19th March, 2014
By Akunna Ejim
Good public health is vital in any country, not only for the purpose of maintaining a healthy populace, but also as a matter of national security. A healthy country is a wealthy country, with a thriving human resource the country can invest in to move the nation to greater heights.
Nigeria is undoubtedly blessed with its fair share of human resource, to the tune of 166.2 million at the last count in 2012. This means that the Nigerian population is 2.35 per cent of the total world population, or to put it in better perspective, one person out of every 43 people on the planet is a Nigerian resident.
Nigeria is also a country laden with mineral and agricultural resources, and at the top of the most visible and influential African countries. Rampant corruption, misappropriation of funds, a total disregard for the equitable distribution and utilisation of resources, and the shocking impunity with which the agents of destabilization propagate the backwards status quo has ensured the stagnancy and retrogression of Nigeria.
Nigeria produces oil but has virtually no refineries to speak of, and to add insult to injury, still engages in the importation of fuel. The power sector is a topic for another day, with the seeming helplessness of successive governments to find a solution to ensure something as basic as constant power supply, while generator importers and distributors smile to the bank. Citizens are left with the burden of making daily budgets for diesel, fuel, or kerosene, dealing with the ever-present cacophony of noise from different generators, and coping with the noisome fumes.
Saying that the Nigerian health sector is in shambles is tantamount to saying the sky is up above. This is the unadulterated truth, fact, reality, right-in-your-face, that Nigerians have to contend with, in addition to the other litany of inconveniences. Despite having some of the very best healthcare professionals in the world, the lack of development of the public healthcare system has eroded the little confidence the general population have in the Nigerian healthcare system. Even the leaders who ought to lead by example are most guilty of this lack of faith in the Nigerian healthcare system, which is why they excel at flying themselves and their cronies to other countries with highly developed healthcare systems at the slightest sign of any health issues.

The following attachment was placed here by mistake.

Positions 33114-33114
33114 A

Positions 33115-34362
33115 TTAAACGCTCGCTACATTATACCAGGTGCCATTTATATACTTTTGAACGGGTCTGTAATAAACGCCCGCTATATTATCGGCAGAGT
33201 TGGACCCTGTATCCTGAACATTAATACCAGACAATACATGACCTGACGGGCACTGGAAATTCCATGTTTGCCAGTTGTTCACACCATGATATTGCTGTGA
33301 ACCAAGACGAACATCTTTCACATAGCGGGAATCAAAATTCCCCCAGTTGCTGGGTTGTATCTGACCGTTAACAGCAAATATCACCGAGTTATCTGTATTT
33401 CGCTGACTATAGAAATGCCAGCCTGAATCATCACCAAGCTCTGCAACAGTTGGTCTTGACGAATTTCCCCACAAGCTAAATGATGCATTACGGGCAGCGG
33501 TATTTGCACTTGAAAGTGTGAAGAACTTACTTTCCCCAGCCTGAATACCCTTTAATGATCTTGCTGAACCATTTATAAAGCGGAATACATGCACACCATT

Why won’t the average Nigerian follow suit? Those who can afford it go to industrialised western countries to get treatment for health problems, while those with smaller pockets go to places like India, with cheaper healthcare. It is very shameful that Nigerians have to go to India for procedures like kidney transplants, when we have some of the best and brightest physicians in the world. Having lived in the United States for some time, it is a matter of fact to report that Nigerian physicians are some of the best in the country. Yet, the same physicians would be seriously hampered and handicapped in Nigeria due to the lack of basic framework and infrastructure to support a sustainable and meaningful health sector.